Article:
Graffiti on a wall in Paris
By Aaron Lakoff
It’s a Tuesday evening in Paris, and in the predominantly immigrant neighbourhood of Belleville, people from all corners of the world are crowding into the metro station. Tension is high tonight; for many, this ride home could be their last in France.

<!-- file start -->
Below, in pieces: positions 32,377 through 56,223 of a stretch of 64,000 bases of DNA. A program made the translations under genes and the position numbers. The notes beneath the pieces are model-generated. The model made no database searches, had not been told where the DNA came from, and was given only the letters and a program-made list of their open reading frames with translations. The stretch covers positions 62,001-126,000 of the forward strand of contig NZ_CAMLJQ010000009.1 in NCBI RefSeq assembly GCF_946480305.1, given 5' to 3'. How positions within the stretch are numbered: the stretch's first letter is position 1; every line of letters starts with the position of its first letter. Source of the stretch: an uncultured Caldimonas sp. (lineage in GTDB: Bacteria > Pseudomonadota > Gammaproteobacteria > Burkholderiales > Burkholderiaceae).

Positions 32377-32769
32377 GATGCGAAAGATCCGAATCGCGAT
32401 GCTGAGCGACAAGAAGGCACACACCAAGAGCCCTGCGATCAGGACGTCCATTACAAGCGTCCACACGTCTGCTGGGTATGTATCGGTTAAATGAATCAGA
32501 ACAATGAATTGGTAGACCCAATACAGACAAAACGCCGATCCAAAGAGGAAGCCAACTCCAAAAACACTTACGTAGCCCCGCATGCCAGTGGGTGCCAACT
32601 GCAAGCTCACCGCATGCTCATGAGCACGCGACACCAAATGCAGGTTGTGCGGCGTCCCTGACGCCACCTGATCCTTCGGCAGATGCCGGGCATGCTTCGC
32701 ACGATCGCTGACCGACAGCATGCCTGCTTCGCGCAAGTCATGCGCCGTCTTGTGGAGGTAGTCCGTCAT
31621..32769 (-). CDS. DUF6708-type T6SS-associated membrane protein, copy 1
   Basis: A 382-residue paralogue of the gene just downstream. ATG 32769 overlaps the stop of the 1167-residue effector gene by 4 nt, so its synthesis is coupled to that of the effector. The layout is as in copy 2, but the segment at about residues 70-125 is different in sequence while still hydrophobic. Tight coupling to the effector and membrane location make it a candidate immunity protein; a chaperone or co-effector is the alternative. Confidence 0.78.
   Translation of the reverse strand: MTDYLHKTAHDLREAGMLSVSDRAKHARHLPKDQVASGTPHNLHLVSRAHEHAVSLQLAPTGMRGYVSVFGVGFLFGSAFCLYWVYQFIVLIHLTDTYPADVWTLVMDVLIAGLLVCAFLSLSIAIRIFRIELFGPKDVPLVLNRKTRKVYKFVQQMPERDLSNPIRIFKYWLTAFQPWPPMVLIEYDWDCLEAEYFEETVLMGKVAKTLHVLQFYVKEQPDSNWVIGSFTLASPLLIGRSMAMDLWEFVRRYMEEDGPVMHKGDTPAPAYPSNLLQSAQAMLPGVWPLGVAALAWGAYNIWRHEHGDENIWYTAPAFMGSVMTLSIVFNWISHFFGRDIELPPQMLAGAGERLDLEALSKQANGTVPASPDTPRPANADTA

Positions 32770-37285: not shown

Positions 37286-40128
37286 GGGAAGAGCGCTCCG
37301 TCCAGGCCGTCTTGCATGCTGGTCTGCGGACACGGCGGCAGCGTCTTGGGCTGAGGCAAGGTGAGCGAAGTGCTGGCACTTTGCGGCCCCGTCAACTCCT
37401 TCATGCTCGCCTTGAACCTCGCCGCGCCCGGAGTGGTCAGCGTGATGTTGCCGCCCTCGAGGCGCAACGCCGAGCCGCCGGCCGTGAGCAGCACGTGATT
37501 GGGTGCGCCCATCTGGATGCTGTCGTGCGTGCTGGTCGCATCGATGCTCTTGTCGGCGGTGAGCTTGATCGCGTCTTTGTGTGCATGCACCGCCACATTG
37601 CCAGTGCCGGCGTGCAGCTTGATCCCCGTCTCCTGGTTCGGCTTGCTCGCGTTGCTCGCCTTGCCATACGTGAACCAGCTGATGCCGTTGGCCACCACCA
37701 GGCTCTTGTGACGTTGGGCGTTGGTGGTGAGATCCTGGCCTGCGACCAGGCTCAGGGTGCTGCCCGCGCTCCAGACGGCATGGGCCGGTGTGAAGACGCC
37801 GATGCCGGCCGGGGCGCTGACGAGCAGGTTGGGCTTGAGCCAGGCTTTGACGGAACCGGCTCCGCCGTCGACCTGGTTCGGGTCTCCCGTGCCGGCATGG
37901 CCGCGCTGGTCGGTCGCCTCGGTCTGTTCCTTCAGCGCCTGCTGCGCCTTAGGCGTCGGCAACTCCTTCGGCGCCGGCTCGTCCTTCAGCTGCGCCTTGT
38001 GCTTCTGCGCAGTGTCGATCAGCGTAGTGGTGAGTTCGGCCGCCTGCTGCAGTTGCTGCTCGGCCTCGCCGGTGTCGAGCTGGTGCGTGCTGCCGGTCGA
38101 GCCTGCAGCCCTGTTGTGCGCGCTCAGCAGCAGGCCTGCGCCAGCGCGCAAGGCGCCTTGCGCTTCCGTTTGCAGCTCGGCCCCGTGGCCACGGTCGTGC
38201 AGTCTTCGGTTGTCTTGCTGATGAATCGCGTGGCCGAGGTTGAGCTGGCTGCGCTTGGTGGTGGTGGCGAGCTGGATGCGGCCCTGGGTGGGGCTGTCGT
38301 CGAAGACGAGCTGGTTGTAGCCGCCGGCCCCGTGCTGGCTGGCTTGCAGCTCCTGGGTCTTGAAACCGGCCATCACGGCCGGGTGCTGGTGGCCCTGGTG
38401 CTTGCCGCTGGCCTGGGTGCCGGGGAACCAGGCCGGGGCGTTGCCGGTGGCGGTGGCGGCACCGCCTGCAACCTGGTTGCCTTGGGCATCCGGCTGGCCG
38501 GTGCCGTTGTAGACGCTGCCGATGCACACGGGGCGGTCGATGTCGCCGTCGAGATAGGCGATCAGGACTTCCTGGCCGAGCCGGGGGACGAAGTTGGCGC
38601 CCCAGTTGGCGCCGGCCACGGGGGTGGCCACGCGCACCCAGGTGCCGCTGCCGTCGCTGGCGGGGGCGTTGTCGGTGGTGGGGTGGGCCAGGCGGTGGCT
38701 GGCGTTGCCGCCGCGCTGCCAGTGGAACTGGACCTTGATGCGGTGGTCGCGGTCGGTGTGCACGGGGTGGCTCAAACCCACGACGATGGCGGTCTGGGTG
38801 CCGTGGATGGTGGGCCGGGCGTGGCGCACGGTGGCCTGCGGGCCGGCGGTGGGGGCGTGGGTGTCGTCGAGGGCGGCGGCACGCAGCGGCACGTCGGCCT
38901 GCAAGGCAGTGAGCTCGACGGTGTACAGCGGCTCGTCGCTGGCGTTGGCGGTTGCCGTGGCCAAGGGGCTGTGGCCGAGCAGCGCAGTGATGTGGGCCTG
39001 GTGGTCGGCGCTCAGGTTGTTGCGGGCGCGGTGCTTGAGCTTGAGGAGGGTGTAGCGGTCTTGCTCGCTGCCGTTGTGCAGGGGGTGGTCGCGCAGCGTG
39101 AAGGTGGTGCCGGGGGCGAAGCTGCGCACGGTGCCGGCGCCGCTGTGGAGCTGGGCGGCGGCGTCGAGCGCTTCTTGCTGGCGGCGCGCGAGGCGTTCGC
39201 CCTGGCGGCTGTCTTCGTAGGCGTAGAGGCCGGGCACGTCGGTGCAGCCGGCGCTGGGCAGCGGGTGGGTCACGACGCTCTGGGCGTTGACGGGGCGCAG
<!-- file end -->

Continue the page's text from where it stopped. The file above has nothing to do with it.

Outside the turnstiles of the metro, a small group of people have gathered to call out warnings to those entering the station. “Attention sans-papiers! There are police in the metro!” Down on the platform, a unit of French police officers are doing a random check of people’s immigration documents. Those who are in the country illegally can be swept up right away, put in detention, and then eventually deported. These immigration sweeps in public places have become a common occurrence in France over the last year, and for many undocumented migrants in French President Nicolas Sarkozy’s republic, the country is no longer seen as the terre d’accueil, or “land of welcome” it has so long promoted itself to be.